Discreet Path to Justice?: Chile, Thirty Years After the Military Coup

A Human Rights Watch Briefing Paper, September 2003

V. The Lagos Proposals

In a televised broadcast on August 12, 2003, President Lagos announced his government's first major initiative to deal with the legacy of human rights violations committed under military rule. His proposals were broad in scope, covering three main issues: measures to improve the effectiveness and speed of court investigations of past human rights violations; proposals to improve and extend symbolic and economic reparation for victims and their relatives; and institutional and legal reforms to safeguard human rights in the future. At this writing the government was drafting several bills to implement the proposals.

Several of the proposals would be positive steps. Among these is a proposal to transfer all human rights cases currently under review by military courts to civilian courts within a month. The lack of independence and impartiality of military courts in dealing with human rights cases has been amply demonstrated in the past, and this measure is long overdue. Another important proposal is to provide the courts with powers to subpoena classified documents from the armed forces, a necessary counterbalance to military secrecy.

Human Rights Watch also welcomes the Lagos government's commitment to continue seeking the appointment of special judges to devote themselves full time to human rights cases, and to ensure the continuing cooperation of Investigaciones, the criminal investigations police force, with the judges. Another useful proposal is the government's offer to provide the Medical Legal Service (SML) with an external advisor to improve methods and procedures of identifying victims from bone fragments and other remains found at burial sites. The efficiency of the SML has been seriously questioned in recent years, and the assistance of an independent expert to monitor this vital forensic work is essential.25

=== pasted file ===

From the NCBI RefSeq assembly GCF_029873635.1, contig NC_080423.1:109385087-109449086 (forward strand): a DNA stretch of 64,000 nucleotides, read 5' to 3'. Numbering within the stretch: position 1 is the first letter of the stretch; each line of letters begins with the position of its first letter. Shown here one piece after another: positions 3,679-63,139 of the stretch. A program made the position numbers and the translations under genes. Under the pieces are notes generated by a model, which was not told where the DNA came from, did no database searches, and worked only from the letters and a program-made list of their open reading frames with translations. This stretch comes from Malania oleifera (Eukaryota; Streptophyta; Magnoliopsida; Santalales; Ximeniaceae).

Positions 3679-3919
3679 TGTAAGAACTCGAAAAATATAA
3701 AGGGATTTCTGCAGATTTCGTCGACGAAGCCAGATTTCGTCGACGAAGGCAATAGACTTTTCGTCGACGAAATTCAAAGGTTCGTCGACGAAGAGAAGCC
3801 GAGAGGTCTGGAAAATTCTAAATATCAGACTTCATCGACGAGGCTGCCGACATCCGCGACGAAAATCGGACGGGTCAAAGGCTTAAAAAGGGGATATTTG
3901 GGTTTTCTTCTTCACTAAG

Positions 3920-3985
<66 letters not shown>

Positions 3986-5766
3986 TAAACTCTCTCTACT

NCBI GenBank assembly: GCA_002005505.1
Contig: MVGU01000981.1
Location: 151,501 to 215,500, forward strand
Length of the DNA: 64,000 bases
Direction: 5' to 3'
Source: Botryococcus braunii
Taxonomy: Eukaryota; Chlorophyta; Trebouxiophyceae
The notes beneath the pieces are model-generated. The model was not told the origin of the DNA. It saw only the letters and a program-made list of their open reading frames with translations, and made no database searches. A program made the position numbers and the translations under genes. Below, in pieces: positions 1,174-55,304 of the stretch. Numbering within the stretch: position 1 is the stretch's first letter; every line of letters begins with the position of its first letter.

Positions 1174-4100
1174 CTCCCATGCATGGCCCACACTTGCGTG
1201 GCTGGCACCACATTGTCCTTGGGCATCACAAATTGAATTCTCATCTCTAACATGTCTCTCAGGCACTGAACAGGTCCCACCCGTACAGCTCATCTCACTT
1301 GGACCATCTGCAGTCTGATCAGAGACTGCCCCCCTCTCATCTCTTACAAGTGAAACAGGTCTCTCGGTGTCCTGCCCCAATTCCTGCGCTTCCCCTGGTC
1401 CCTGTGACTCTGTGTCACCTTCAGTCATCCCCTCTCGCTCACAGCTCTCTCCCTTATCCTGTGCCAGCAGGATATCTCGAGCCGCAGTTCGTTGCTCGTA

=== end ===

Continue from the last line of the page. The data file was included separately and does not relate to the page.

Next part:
The proposal to form a commission to draw up a list of victims of torture is also to be warmly welcomed. Beyond economic compensation, the government should consider ways of symbolically recognizing the legacy of systematic torture. The commission should be mandated not just to investigate and record individual cases, but also to investigate as fully as possible the circumstances in which torture became established as an institutionalized practice following the military coup, and for its findings to be made public. Such a report would help increase public awareness about the scourge of torture, a topic that is still largely taboo in Chilean society.

Three of the government's most controversial proposals are aimed at encouraging those implicated in human rights abuses to cooperate with the courts and to provide information about the fate and whereabouts of the victims of abuses. These proposals have been criticized by Chilean human rights groups as amounting to a veiled form of impunity.26

In general terms, Human Rights Watch recognizes that prosecutors in some circumstances may appropriately offer more lenient sentences to suspects willing to provide information that aids in the clarification of crimes and the identification of those responsible for them. We believe, however, that any offer of prosecutorial immunity to those responsible for gross human rights violations such as torture, "disappearance," or extrajudicial execution would be unacceptable. We are also convinced that offers of sentence reductions should be made only in cases in which genuinely useful cooperation is extended, and that the sentence reduction must be limited and proportionate to the extent of the cooperation.

Human Rights Watch is thus concerned about the first of the leniency proposals, which offers immunity from prosecution to:

    Those who without being accused or charged present themselves voluntarily to the courts and provide reliable, effective and verifiable information about the whereabouts of the victim or the circumstances of that person's disappearance or death.

According to a high-level government advisor, this measure is intended to apply only to those who had an ancillary role in human rights abuses, have not been identified in criminal proceedings, and might never be traced unless they voluntarily came forward to offer information.27 In response to criticisms by human rights lawyers who fear that the proposal could provide immunity to people responsible for grave abuses, the government has said that those who participated directly in such abuses have already been identified in court proceedings, and therefore would not be eligible.28 Yet the concern remains that not all these individuals have already been accused or charged. If the government wants to limit the offer of immunity to those persons who only had an accessory role in crimes, it would be easy enough to draft the law so that includes such a limitation.